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From: Bill Wade (bill.wade_at_[hidden])
Date: 2000-09-01 08:27:34

> From: William Kempf [mailto:sirwillard_at_[hidden]]

> However, I still think we're just splitting hairs. Even though it
> may result in an extra lock, exchange() can be used to perform
> get/set. For performance reasons, yes, I can see adding get/set to
> my list, but I don't think we're talking about removing anything
> here. Or are we?

Back to the list I think we're talking about:

typedef ... atomic_t;
long increment(atomic_t& dest);
long decrement(atomic_t& dest);
long add(atomic_t& dest, long value);
long add(atomic_t& dest, const atomic_t& value);
long exchange(atomic_t& dest, long value);
long exchange(long& value, const atomic_t& value);
long compare_exchange(atomic_t& dest, long compare, long value);

I do think you should include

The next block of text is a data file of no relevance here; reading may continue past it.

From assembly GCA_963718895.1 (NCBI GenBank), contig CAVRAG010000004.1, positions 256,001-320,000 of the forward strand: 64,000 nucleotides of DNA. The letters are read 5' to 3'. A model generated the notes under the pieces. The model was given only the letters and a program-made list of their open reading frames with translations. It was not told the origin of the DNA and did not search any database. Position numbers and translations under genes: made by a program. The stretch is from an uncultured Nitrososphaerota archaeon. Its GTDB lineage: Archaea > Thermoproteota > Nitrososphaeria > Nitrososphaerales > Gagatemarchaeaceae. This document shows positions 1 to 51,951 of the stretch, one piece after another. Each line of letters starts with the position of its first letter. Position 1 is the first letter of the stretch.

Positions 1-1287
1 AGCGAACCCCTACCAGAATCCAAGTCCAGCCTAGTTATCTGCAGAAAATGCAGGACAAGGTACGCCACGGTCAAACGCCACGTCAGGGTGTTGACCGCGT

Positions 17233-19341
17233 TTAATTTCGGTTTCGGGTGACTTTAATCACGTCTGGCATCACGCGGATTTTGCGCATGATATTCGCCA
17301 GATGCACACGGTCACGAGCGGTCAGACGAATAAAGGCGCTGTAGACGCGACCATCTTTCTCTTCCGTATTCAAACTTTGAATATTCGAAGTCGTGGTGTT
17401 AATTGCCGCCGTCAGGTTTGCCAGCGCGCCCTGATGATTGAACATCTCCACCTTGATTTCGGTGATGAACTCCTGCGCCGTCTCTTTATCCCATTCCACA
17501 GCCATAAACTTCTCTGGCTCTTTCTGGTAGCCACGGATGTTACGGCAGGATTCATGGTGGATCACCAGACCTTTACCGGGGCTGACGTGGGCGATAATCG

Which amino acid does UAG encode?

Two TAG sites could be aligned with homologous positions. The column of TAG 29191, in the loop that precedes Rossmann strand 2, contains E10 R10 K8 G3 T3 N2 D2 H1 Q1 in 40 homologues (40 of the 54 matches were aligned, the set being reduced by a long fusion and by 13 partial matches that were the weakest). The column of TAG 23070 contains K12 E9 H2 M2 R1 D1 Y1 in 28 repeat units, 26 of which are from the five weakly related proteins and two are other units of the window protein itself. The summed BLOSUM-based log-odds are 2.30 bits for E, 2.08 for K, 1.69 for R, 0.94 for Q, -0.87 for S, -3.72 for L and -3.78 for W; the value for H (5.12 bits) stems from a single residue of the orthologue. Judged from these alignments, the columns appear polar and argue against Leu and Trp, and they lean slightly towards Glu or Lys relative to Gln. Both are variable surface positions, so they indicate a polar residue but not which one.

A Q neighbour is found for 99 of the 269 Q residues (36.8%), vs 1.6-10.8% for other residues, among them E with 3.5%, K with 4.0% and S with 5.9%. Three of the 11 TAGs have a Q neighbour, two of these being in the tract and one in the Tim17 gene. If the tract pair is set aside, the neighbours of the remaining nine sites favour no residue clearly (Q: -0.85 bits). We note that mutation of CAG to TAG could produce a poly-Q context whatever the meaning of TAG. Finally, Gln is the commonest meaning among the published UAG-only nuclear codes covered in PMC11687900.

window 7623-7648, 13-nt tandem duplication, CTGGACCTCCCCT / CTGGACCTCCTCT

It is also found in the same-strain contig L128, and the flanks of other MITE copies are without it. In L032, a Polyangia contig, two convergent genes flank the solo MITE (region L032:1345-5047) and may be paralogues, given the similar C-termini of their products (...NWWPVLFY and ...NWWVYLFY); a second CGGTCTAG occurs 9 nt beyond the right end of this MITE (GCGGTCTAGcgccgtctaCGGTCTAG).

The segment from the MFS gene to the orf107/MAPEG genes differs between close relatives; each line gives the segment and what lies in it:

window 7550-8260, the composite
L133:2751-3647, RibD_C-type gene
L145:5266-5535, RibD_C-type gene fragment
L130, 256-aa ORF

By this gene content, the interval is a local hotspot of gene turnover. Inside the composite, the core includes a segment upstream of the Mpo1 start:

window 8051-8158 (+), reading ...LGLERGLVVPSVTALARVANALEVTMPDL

long get(atomic_t& dest);
  void set(atomic_t& dest, long value);
which can be implemented in terms of the other functions, but may be
significantly faster in their "pure" form.

I would remove the second exchange. It looks like a verbose get() to me.

I think the "small" atomic class should provide no more than
with inc/decrement returning either zero-ness and/or sign of the result. I
think somebody said that some platforms only return zero-ness. This class
should be widely implementable.

A "larger" class can additionally provide compare_exchange and the first
add, but should not have an is-a relationship with the smaller class.

I don't know a fast way to implement the second add (which seems to need two
locks) on any Win32 platform.

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